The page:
This was exactly the book I was hoping it to be. For all the millions of pages of Civil War literature extant, there seems to be a shortage of well-known, scholarly writing about the events leading up to its outbreak. We are taught in school that “the South seceded” in December 1860, that Fort Sumter was fired upon the following April and that the first major battle happened in July. From a modern perspective, this seems ludicrous. Wars have been fought and finished in less time!
Bruce Catton expertly fills in the gaps. We learn of the politicking that led to Lincoln’s upset nomination and the fracturing of the Democratic party. We learn of the rhetoric that culminated in secession after the election. I was captivated by the four month dance around Fort Sumter, an antebellum precurser to the Cuban Missile Crisis in which both sides are daring the other to strike first and so be the aggressor. Amazingly, it is lost on the lay public that Fort Sumter produced not a single casualty and was thus a political symbol rather than the true start of the war. The last amazing fact I learned from this book was about the formation of West Virginia and General McClellan’s early successes in that campaign, before his caricatured ineptitude on the peninsula.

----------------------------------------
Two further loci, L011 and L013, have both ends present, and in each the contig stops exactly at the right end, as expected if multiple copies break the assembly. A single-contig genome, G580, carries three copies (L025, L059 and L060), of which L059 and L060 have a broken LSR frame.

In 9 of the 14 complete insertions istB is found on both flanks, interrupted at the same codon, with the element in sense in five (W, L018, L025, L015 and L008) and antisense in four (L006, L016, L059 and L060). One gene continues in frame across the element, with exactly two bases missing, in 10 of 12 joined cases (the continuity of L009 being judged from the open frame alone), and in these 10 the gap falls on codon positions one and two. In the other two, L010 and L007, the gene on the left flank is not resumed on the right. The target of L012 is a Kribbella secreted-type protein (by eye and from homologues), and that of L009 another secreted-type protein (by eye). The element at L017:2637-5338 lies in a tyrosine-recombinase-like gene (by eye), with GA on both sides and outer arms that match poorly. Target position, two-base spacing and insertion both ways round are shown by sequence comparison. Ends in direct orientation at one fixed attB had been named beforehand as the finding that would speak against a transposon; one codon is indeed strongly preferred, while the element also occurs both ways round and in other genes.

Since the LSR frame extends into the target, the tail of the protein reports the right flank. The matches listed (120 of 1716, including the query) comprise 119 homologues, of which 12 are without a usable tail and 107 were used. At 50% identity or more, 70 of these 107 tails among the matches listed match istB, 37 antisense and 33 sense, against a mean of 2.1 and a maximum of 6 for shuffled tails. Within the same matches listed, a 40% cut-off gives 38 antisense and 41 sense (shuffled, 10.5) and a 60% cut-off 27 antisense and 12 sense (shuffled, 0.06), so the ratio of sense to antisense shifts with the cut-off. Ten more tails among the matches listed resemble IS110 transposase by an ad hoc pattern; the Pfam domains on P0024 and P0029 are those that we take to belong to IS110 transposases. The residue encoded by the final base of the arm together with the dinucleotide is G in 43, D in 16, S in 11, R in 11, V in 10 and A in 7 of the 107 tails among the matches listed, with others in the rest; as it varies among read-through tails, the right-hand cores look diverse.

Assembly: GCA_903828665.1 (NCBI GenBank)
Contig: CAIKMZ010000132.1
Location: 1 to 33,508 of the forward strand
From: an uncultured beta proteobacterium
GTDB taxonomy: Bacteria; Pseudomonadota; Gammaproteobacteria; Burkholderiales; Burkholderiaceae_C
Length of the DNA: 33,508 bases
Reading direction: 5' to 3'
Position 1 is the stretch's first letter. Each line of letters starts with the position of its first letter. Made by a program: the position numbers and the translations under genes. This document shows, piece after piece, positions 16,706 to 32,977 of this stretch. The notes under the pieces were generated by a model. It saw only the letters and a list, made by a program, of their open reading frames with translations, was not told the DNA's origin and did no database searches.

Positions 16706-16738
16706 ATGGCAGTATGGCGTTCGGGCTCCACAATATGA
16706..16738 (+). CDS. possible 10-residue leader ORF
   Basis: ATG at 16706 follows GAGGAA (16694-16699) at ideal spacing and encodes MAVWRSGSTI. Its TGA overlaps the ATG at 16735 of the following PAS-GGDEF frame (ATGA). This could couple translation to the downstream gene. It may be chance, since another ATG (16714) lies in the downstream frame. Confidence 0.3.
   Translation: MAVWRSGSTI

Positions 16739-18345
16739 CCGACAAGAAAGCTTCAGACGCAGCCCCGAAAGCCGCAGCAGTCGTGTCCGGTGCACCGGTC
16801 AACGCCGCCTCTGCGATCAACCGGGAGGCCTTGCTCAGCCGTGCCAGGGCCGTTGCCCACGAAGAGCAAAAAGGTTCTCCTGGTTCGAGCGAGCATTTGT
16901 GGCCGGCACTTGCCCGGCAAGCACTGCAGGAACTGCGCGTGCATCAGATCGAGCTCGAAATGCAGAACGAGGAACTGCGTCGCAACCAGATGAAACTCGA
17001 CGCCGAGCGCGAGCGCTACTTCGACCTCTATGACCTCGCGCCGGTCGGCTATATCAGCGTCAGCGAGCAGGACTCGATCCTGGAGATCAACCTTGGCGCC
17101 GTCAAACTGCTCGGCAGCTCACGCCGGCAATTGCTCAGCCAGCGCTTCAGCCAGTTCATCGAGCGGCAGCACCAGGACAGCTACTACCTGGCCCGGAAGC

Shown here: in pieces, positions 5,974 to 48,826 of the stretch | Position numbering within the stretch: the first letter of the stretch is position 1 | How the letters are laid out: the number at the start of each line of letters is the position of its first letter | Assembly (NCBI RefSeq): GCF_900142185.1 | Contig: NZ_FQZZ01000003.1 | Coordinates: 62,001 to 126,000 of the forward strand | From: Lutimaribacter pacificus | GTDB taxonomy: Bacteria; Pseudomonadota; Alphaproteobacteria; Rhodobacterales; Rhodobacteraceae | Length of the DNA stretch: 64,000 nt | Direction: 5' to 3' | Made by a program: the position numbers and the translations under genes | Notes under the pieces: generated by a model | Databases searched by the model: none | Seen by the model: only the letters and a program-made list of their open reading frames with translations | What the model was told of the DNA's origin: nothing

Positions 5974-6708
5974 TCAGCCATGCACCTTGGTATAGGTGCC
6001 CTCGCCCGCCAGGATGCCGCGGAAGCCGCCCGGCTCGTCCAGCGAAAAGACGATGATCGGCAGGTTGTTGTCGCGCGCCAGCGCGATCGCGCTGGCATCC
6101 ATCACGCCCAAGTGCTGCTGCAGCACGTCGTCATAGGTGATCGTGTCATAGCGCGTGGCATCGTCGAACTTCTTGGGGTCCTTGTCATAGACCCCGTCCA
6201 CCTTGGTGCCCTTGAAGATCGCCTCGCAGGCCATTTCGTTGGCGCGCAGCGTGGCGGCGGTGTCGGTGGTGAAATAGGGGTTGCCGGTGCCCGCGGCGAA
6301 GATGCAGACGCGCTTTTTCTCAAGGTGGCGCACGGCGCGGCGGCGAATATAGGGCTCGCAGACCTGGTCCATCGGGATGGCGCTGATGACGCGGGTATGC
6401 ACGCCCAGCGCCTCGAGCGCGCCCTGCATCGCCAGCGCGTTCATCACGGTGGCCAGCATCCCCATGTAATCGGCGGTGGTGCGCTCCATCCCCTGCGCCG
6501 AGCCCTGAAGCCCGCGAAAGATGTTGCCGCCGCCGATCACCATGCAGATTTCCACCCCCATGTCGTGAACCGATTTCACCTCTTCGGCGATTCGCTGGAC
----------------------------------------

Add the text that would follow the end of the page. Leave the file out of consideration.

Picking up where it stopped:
Having never read extensively about it, I consider myself representative of the public conception of what the Civil War was all about, and the basic sequence of events we’re all taught in school. While I’m still no expert, I feel I know so much more about the subject now that I’ve read this book. I’ve always been more interested in what led up to the war, why it broke out when it did, and what life was like in various sections of the country at that time, than the battle schedule and cast of romantic hero characters. If you feel the same, this is a must read.